Truffle News

How to Find the Precious White Truffle

by 09/10/2021

Here in Europe, new hunters tend to start out looking for black truffles. Once they achieve this, after their initial delight, their thoughts then quickly turn to the prize amongst truffle – the precious white winter or tuber magnatum. Novices are anxious to learn if their dog can locate the valuable white truffles given that it is already finding other species. Good news everyone! Dogs trained to find black truffles should have no difficulty turning their skills to different species. There are variations in the aroma of the different types of truffle but the chemical compounds which the dog has learned to sniff out are present throughout the edible truffle varieties. The dog may need a little time to adjust but most animals make the transition from one species of truffle to another very rapidly.

The problem with white truffles is not the dog. The difficulty lies in finding those very rare places where white truffles grow. Forget the story that these truffles are Italian. While they do grow in nine or ten regions in Italy, more white truffles are found in the Balkans. It seems that tuber magnatum grow in a loose band which starts in the west in Italy and extends east over to Albania, Croatia, Serbia, stretching to Romania. This area extends to the north up to Hungary and Slovenia. Not all of the countries within this loose band produce truffles. There are several other factors affecting truffle growth, other boxes which need to be ticked. Before we get onto the topic of growth factors you need to check whether your country does actually produce white truffles. Finding this kind of information can be tricky as the search for white truffles tends to be clandestine. Having said that, hunters are inclined to brag or else need to sell their findings. So a thorough search on social media will probably reveal any truffle activity in your region. As will academic papers and these will often provide you with very useful information about tree species, altitude or soil composition specific to the area. Use Google scholar to get started. Another avenue is checking biodiversity data, this will give you a good idea of documented species growing in your country.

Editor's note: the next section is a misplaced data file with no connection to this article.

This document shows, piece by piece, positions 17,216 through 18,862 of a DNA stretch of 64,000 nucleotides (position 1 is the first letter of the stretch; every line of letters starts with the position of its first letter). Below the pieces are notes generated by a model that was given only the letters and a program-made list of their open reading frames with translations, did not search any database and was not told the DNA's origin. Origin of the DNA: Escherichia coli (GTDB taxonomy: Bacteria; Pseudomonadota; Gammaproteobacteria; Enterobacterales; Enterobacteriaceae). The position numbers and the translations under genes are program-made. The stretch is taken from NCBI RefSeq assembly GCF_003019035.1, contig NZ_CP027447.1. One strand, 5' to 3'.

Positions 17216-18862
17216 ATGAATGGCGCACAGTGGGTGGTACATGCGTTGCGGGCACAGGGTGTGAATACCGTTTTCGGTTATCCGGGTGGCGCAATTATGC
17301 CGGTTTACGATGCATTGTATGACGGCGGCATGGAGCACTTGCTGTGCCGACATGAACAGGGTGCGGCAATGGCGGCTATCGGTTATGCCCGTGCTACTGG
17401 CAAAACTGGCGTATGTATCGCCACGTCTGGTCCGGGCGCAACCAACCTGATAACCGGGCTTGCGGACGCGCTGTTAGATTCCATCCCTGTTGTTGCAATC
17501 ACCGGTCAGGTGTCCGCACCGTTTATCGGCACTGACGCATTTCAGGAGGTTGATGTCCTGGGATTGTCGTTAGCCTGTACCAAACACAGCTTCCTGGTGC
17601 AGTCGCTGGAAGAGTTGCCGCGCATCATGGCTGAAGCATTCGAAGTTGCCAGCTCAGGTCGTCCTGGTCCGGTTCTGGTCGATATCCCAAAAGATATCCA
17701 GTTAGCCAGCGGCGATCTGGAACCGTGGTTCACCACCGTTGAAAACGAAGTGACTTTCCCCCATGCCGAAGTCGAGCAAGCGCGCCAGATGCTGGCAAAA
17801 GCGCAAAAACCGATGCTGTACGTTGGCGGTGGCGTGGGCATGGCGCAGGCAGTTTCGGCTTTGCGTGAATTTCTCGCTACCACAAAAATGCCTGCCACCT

Having established that white truffles can actually be found in the country where you hunt, you can then start researching growth factors.

  • Altitude
  • Tree species
  • Rainfall
  • Soil Composition
  • Symbiotic Plants

Generally speaking you are looking for floodplain forests comprising oak, linden, beech and birch. These should be above sea level at an elevation of at least 70 metres. Truffles rarely grow at above 700m. They flourish in damp environments and the soil tends to be one of two types, a fine silt or a rich loamy soil with a pH of 7 and above. Did it rain in June and July? After a very dry, hot summer there may be no truffles at all in the winter. This may all sound rather vague but conditions will vary depending on the neck of the woods you are in. Once you have learnt to identify a typical growing site your eyes will become attuned to recognizing other potential truffle patches. The good news is that when you do find a spot which produces truffles, you can go back year after year and collect.

The bad news is that truffles are expensive for a reason, they are rare. This means that you will have to spend hours poring over maps. Armed with potential locations you will then need to drive around for days. Then there will be the weeks tramping around godforsaken spots in the winter damp and cold. If you have any romantic notions about hunting for truffles you should drop them quickly. It is often unpleasant and not many people are cut out for truffle hunting. If you are patient enough, then you will be compensated for your efforts – the triumphant feeling of finding your first truffle is indescribable. The rewards, if you are lucky, can be huge – white truffles can command extremely high prices especially around the holiday season. There are other compensations to be had along the way and hopefully these will sustain you on the difficult journey to your first truffle. You will create an entirely different kind of bond with your dog. You will learn about some of the most hidden aspects of nature and you will become stronger both physically and mentally. Learning to overcome difficulties, put aside frustrations and keep on going might be the best reward that truffle hunting has to offer us.

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